# Functions

02.08.2018

Episode #7 of the course Fundamentals of JavaScript by Matt Fay

In today’s lesson, we’ll focus on an important topic in programming: functions. Functions take in some data, do something with it, and return a value.

You might remember functions from mathematics class. Well, they’re not entirely different when we write them in our code.

Consider the square function:

f(x) = x^2

This reads as, f of x is equal to x squared.

We’ll write that below in JavaScript.

Defining a function in JavaScript is pretty simple. We use the word “function,” followed by the function’s name, sort of like defining a variable, only that, with functions, we pass them arguments, or parameters, which are contained within parentheses.

function foo(a, b) {
return a * b;
}
foo(5, 5); // 25

In the function above, we defined a function foo, which takes in two arguments, a and b. In our function’s body (between the curly braces), we’re giving instructions to the function, and that is to simply return a times b. As you can see, when we pass some values to our function foo(5, 5), we’re going to get what we’d expect: 25. How does this work?

Well, imagine that we declared three variables: x, a, and b. x is a function, while a and b are undefined. In Lesson 3, we learned that undefined simply means that a variable hasn’t yet received any data. When we pass in 5, 5, a and b become those numbers: return 5 * 5;. Neat, right?

Note: This isn’t how things are. If we were to try accessing a or b, we’d get a reference error. a and b are unique to that function, and we don’t have access to them outside of it. They’re called “local” variables. Global variables would be stored outside a function block.

As for our squared function, we’d simply pass the function a single argument, like so:

function f(x) {
return x * x;
}
f(5); // 25

Here, we’re simply returning a number x and multiplying it by itself.

That’s not the only way to declare functions. We can also declare a variable and assign it to a function, like so:

var x = function(a, b) {
return a * b;
}
x(5, 5); // 25

We don’t have to actually pass anything to our function, we can leave the arguments empty, like so:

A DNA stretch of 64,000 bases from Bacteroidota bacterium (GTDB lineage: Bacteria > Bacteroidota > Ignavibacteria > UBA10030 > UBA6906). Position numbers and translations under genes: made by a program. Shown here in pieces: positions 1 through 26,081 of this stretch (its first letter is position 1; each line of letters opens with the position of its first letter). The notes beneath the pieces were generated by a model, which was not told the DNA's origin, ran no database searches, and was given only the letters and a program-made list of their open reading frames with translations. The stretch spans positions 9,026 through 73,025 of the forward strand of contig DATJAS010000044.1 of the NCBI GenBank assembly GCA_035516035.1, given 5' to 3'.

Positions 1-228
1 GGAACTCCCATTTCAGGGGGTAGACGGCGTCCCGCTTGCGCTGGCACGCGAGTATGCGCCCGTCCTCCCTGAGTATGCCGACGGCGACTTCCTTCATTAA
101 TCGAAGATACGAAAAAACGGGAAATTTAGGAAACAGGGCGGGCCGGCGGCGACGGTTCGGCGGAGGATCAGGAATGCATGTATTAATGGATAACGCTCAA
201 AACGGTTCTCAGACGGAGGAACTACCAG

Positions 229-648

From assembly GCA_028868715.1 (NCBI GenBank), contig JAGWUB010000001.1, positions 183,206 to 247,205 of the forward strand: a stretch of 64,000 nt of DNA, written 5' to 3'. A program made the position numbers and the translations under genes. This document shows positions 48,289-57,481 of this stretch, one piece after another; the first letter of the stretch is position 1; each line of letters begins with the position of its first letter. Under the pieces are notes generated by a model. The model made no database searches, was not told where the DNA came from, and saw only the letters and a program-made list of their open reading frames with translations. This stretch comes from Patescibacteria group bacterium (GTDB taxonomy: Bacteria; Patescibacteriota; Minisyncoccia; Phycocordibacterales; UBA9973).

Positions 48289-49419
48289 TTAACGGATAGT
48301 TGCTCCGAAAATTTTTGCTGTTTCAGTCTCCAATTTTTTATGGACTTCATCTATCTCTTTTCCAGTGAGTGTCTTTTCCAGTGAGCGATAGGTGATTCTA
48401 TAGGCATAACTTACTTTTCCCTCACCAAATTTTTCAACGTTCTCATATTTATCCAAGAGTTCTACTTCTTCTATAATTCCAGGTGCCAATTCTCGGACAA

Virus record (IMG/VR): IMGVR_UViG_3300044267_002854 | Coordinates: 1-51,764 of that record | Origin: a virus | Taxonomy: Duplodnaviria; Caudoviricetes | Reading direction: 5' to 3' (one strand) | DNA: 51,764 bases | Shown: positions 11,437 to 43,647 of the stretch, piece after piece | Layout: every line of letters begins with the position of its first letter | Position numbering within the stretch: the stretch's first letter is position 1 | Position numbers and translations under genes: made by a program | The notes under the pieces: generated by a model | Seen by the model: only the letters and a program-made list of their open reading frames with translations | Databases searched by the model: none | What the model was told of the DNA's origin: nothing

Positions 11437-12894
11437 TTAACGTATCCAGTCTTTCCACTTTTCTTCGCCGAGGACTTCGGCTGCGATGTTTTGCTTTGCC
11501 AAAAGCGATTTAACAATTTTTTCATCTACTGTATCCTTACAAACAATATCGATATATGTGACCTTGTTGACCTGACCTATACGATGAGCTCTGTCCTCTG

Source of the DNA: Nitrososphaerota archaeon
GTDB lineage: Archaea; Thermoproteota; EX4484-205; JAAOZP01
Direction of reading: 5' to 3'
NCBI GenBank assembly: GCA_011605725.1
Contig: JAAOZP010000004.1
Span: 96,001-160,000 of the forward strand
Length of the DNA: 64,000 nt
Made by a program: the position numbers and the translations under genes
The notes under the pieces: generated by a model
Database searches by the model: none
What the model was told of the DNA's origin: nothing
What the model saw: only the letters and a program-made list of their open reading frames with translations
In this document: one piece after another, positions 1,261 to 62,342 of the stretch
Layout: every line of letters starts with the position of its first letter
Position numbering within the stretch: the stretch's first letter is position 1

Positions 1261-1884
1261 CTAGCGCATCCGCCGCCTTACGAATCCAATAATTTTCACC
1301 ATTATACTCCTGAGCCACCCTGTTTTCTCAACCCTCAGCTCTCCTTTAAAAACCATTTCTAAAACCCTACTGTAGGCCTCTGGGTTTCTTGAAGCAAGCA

function greet() {
}
greet(); // Hello

This function can be invoked without any user input by the use of a button. Let’s say we have a button on a website, and we want to send that alert message when the button is clicked. First, we’d define our function as above, and then within the button, we’d add something called an “onclick” event, which waits for a user to click the button. Once clicked, our function will be called, alerting the “Hello” message.

Methods

Now, we’re going to take a look at methods. Methods are functions within an object.

var person = {
name: “Sarah”,
age: 24,
greet: function() {
console.log(“Hello, “ + this.name);
}
}
person.greet(); // Hello, Sarah

We’ve declared a function a bit differently above than in our previous two examples. Here, the function is a property of the object.

Using Functions

If you open your browser, you can experiment with the code below:

function greet() {
var name = prompt(“What is your name?”);
}

Above, we’ve declared a variable name and set it equal to a built-in function prompt(), which takes in a value (in our case, name) and stores it in the name variable. Below that line, we call another built-in function, alert(), and pass it the message, “Hello,” and our name variable. If you’ve ran the code above, it wouldn’t work. It’s missing something, and that is: our call to the function. We need to invoke our function. It’s simple; we just add “greet()” below the block* of code we already have.

function greet() {
var name = prompt(“What is your name?”);